The first novel in Sorrentino’s challenging Pack of Lies trilogy is a detective story, except it isn’t clear what, if any, crime has been committed, or by whom. Split into three narratives, the book resembles Pinget’s The Inquisitory in its approach in that an unnamed inquisitor grills an unnamed observer about random events that have taken place—in this case at a party, where avant-garde deadbeats from Sorrentino’s earlier novels are discussing making a movie about the very party they are attending. The first narrator speaks in hesitant fragments, rendered with tabulations between breaths or interruptions, the second provides a more comprehensive version of events in long breakless paragraphs, and the third is a mere list-making machine who only gets ten pages to get things straight. Reading like the aftermath of Coover’s Gerald’s Party, the novel is a frustrating exercise in deliberate obfuscation and relentless intertextual gossiping to the point the reader cries out for some semblance of order—but a Sorrentino novel isn’t the place for trivial pettiforgeries like order or clarity, oh no. It is a place for white slips with lace trimmings and ice-blue panties and Henri Kink’s new opus, Imaginary Quaaludes of Arterial Thongs. One of Gil’s most ruthlessly indulgent books and the basis, so it seems, for his son Christopher’s stylistically similar Sound on Sound.

7. Charles Burns — The Hive

The second instalment in the Burns trilogy contains more expletive-spitting bald green alien workers, worrying 23rd-floor breeding wards populated with pretty waifs, sexy sickly teeny relationship plots with cleverly crowbarred nudity and Patti Smith references, worrying fever-dream-flashback things with various alien squid-like creatures bursting through chests, extremely veiny moribund death-bed dads, something about romantic novels and kinky photographs, the return of the cash-strapped mini-sumo-wrestler squashed-testicle-mutant, and evil sushi with toothy wormy beings sprouting from its nutritious insides. Diverting but far too brief to get all hysterical about, esp. with an absent conclusion. Charles Burns discusses on Bookworm.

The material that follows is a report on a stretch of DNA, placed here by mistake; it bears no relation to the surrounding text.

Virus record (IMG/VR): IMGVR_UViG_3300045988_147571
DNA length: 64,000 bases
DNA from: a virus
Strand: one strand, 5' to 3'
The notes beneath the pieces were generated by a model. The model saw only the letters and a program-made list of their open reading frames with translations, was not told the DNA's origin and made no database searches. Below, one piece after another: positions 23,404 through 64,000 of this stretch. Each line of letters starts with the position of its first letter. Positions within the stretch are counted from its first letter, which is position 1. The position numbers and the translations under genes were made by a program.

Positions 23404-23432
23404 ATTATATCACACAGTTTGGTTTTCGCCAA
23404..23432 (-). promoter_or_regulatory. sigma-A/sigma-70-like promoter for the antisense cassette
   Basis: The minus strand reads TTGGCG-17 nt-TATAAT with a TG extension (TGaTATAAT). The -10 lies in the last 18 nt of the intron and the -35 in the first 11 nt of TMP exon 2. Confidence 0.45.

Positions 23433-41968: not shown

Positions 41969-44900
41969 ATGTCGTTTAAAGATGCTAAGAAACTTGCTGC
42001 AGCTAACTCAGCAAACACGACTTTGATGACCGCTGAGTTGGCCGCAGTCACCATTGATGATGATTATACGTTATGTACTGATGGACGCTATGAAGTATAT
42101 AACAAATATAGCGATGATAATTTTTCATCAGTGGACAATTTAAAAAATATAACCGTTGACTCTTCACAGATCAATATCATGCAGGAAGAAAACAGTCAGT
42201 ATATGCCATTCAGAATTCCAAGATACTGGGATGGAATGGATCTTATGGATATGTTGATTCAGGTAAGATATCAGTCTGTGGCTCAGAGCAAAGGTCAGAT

8. Isaac Bashevis Singer — Enemies: A Love Story

This novel achieves a remarkable feat in that it makes a love quadrangle among four ex-pat holocaust survivors seem both traumatic and sexy, rather than traumatic and even more traumatic. Herman is the (un)fortunate bigamist caught between his faithful peasant wife Yadwiga and runaway soul Masha as he struggles to adapt to his life of wartime memories and apparent freedom while ghostwriting Talmudic materials for a rabbi, despite having hurled God in the bucket—sort of. Later in the novel, his presumed-dead wife Tamara turns up to complete the quadrangle, making Herman’s struggle for sanity, stability, identity, whatever, even grizzlier. Singer’s novel is melancholy, tender, powerful and extremely entertaining and touches upon a fascinating historical milieu unfamiliar to this reader. Sensational prose.

9. Harold Brodkey — The Runaway Soul

Brodkey’s lifelong opus, largely forgotten for obvious reasons, is a contender for the most solipsistic, inward-looking 835pp novel since Bill Vollmann’s nine-volume Reflections on My Eyebrows. Brodkey, who published a story collection in 1958 and no books in the 60s or 70s or most-of-the-80s until Stories in an Almost Classical Mode in 1988, by remaining a New Yorker man his entire life, made himself a human dartboard by holding back this novel until 1991. Because TRS was savaged by everyone except forgotten novelist D.M. Thomas (famous for his pretentious erotica in the 80s). The novel is narrated by Brodkey stand-in Wiley and dwells largely on his adolescence in the Midwestern region and his monstrous and marvellous sister Nonie.